I don't want to be a negative nancy, but my point is that in my heart I really want to go to the moon for all these reasons and more. But just calling it a choice of "long term payoff" vs "quick profit" is a brutal over simplification, and also completely sweeps the costs and risks under an idealistic carpet.
Some kind of interferometer with one antenna on the earth and one on the moon would be interesting. Yeah more convenient to launch two satellites into opposite sides of the earth's orbit or something, but this is close enough to have human repair / maint / installation techs at both sides.
One nice feature of a base on the moon is single stage to orbit is technologically challenging on the earth but on the moon its no big deal. Ditto "no biggie" to build a rail launcher for non-living cargos or an elevator for cheap living cargo. In the very long run, there will be people/things in orbit occasionally eating luxury moon produce because it'll be much cheaper to orbit from the surface of the moon than the earth, or the moon will be the breadbasket of space, sorta.
You get 24x7 coverage of half the surface of the earth... I suspect scientists and soldiers will have lots of telescopes pointed at the earth.
Unlike robots or probes if you have humans with enough duct tape onsite, human lunar jobs can be changed in minutes instead of decades for dollars instead of billions of dollars implementing a new mission from scratch. Although never underestimate the ability of mismanagement to screw things up. Just like on the earth surface, doing the same boring predictable thing 24x7 for years unchanged is best done by a robot, and "hold my beer and watch this" or "hmm that result is odd" is best done by a human onsite.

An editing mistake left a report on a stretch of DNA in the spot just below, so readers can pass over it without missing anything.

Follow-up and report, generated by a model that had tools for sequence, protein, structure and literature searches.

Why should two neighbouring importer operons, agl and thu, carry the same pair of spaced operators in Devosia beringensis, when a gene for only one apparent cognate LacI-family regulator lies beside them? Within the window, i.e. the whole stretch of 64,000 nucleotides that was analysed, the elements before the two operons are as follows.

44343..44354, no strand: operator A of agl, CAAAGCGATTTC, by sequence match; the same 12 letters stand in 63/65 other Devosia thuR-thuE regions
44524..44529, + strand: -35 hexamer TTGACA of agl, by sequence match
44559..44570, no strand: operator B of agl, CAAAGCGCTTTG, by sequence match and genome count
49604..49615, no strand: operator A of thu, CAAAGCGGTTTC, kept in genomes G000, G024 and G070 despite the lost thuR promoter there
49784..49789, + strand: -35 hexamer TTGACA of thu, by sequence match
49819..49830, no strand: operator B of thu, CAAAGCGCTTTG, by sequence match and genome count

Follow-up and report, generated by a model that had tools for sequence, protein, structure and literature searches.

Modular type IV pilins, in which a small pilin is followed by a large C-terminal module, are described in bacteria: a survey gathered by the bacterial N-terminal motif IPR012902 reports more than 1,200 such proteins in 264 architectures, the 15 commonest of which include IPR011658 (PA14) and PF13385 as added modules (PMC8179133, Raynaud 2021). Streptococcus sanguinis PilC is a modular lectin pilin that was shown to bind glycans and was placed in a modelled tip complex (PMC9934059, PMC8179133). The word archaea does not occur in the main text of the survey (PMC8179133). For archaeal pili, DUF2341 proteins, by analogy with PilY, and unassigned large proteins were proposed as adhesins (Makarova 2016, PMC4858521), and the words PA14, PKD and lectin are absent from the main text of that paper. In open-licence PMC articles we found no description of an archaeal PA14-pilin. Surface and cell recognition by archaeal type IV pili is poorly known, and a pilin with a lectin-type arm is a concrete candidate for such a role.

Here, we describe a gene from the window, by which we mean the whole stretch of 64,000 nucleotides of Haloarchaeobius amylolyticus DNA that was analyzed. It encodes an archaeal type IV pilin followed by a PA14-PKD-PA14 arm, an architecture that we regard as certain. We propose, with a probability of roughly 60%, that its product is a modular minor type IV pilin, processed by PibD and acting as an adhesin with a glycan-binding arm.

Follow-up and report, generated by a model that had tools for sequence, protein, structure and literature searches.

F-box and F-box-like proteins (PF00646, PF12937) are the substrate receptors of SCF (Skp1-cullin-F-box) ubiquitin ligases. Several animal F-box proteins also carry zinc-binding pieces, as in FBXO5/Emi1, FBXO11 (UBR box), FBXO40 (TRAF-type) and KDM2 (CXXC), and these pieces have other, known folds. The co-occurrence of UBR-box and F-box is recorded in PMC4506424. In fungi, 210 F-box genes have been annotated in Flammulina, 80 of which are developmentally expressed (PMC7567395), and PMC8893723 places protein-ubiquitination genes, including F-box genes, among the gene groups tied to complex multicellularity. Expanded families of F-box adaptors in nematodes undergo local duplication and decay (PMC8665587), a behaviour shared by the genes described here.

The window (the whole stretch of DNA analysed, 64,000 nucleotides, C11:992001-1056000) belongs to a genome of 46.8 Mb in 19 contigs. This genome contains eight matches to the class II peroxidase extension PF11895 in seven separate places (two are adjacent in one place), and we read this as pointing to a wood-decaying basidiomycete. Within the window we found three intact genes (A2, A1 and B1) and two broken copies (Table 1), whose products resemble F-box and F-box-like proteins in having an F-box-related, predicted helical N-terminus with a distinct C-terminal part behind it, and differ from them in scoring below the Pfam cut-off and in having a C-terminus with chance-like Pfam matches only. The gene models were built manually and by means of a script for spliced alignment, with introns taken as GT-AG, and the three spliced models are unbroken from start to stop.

I think #5 is the most interesting, but my immediate first question, as a total layman for space travel/survival, is how do we keep breathing up there? It seems like solving the O2 to Moon transport is a reasonable problem to tackle -- assuming we get people and gear up there -- albeit a lot of effort. How about the next outpost? And then the next? Do we continue bunny hopping O2 transports from Moon to Mars to Earth2... etc until there is a continuous supply of breathable air out from Earth? Or do we have a way to generate as we go further? Are we at mercy of Earth's O2 supply? That seems like the biggest problem for leaving this planet.
The TLDR is most lunar soil plus hydrogen and solar red heat gives a couple percent by mass oxygen in a couple hours.
So solar concentrators "boiling" vats of lunar dirt in the 14 day day, then tanks and nuclear powered LED illuminated plants during the 14 day night.
People don't use much oxygen by mass (although the volume is impressive) so a natural safety strategy is to melt chambers in the base so immense that you can survive a lunar night without any working O2 source. You'll want warehouse space to store "stuff" anyway.
On mars, a worst case scenario means you're a couple years away from the earth's surface (not just O2 or general environmental, but food and disease and sickness) whereas the moon is never more than a couple days from anywhere on earth. That's very convenient. I wonder how many years / decades moonies will "need" 100% lifeboat coverage like that. Eventually it'll make more sense to get self help from a neighboring colony than to abandon ship and fly back to earth.